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9/1/16 This month we are currently in the process of updating documentation for both MATLAB and Python

Download DataJoint for MATLAB or Python3.

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Please cite us

Scientists get rewarded by citations. If you use DataJoint, please acknowledge us

@article{yatsenko-datajoint-2015,
  author = {D. Yatsenko and J. Reimer and A. S. Ecker and E. Y. Walker and F. Sinz and P. Berens and A. Hoenselaar and R. J. Cotton and A. S. Siapas and A. S. Tolias},
  title = {DataJoint: Managing big scientifc data using MATLAB or Python},
  year = 2015,
  journal = {bioRxiv},
  month = nov,
  doi = {10.1101/031658}
}

What is DataJoint?

DataJoint for MATLAB and Python3 is a high-level programming interface for MySQL databases to support data processing chains in science labs. DataJoint is built on the foundation of the relational data model and prescribes a consistent method for organizing, populating, and querying data.

DataJoint was initially developed in 2009 by Dimitri Yatsenko (Baylor College of Medicine) for the distributed processing and management of large volumes of data streaming from regular experiments. Starting in 2011, DataJoint has been available as an open-source project adopted by other labs and substantially improved with contributions from Andreas Hoenselaar (CalTech), Alex Ecker (Max Planck Institute for Biological Cybernetics), Edgar Walker (Baylor College of Medicine), and Fabian Sinz (Baylor College of Medicine) . DataJoint was inspired in part by an earlier database tool called Steinbruch developed by Alex Ecker and Philipp Berens.

Designed for busy scientists and collaborative data sharing

The amount of data produced by scientific labs has been steadily increasing. Ensuring long-term accessibilty and reproducibility of results with data aquired by several people, sometimes in several different labs, has become a challenge. In many labs, the default data management scheme comprises the OS file system with clever naming conventions with additional meta data stored in CSV, XML, .MAT files. This works fine for dead storage, but makes more interesting queries difficult, provides no easy way to maintain data dependencies, and becomes problematic when data is shared across labs.

For example, imagine that you want to compute a summary of all experiments that have been done in your lab during the last 7 years using a particular experimental setting. With a data management scheme that relies on naming of folders you are likely to spend a good amount of time on crawling the different directories and extracting the relevant datasets. Since the naming scheme is never enforced, single persons can (and probably will) violate it. Unfortunately, every deviation from it will require you to either include extra cases in your script or to fix the naming manually. The latter case will almost certainly break the analysis code of some other person in your lab.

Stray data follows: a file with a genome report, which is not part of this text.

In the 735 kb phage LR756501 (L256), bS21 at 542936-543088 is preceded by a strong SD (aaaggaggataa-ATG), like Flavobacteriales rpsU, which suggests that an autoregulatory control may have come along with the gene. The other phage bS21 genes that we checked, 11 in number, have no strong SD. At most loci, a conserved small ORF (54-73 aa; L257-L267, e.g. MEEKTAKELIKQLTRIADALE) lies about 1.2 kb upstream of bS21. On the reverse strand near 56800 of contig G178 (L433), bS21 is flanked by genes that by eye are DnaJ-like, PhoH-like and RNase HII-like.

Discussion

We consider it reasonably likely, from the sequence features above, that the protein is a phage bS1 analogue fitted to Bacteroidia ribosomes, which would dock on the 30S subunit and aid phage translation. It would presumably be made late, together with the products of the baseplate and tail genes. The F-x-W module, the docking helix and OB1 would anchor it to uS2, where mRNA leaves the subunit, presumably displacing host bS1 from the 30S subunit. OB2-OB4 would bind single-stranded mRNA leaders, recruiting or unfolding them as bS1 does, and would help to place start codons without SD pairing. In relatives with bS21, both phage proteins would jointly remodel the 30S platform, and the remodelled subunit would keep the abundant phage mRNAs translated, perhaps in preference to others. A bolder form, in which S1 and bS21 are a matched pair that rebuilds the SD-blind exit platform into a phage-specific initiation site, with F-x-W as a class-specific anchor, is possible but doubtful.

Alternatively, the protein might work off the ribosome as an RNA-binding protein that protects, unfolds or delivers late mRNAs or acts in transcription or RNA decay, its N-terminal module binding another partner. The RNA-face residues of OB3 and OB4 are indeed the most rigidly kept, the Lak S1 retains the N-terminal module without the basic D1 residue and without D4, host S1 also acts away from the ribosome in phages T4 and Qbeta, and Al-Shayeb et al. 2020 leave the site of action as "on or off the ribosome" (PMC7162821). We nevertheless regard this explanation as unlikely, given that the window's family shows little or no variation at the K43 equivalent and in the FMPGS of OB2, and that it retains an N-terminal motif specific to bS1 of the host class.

In DataJoint, the data for the above task is just one line of code. DataJoint provides a flexible, light-weight, yet capable system that allows you to organize your data and quickly access it. Even better, it is not hard to learn and use.

DataJoint is based on the relational data model and object-relational mapping

We know what you are thinking: There you promised us something that is easy to learn and use, and here the next heading is only comprehensible by people with a computer science major. However, the essence of these two central principles of DataJoint is natural and easy to understand:

Data is organized in tables (relational data model):

Organizing data in tables is quite natural. Everyone who already worked with Excel or .csv files has experience with it. The only crucial difference to a relational data model is that each row in a table has to be unique. Those kind of tables are traditionally called relations. The relational data model was invented by IBM researcher Edgar F. Codd in 1969, (E. F. Codd. “A relational model of data for large shared data banks.” Communications of the ACM, 13(6):387, 1970) the relational model for databases steadily replaced the earlier hierarchical and network models and has become the de facto standard for mainstream databases today, supporting banking transactions, airfare bookings, and data-intensive websites such as Facebook, Google, Wikipedia, and YouTube, to pick but a few examples. Modern relational database management systems execute fast, precise, and flexible data queries and preclude inconsistencies arising from simultaneous or interrupted manipulations by multiple users. Interactions with a relational database are performed in a query language such as SQL.

Database tables are hidden behind Matlab/Python objects (object-relational mapping)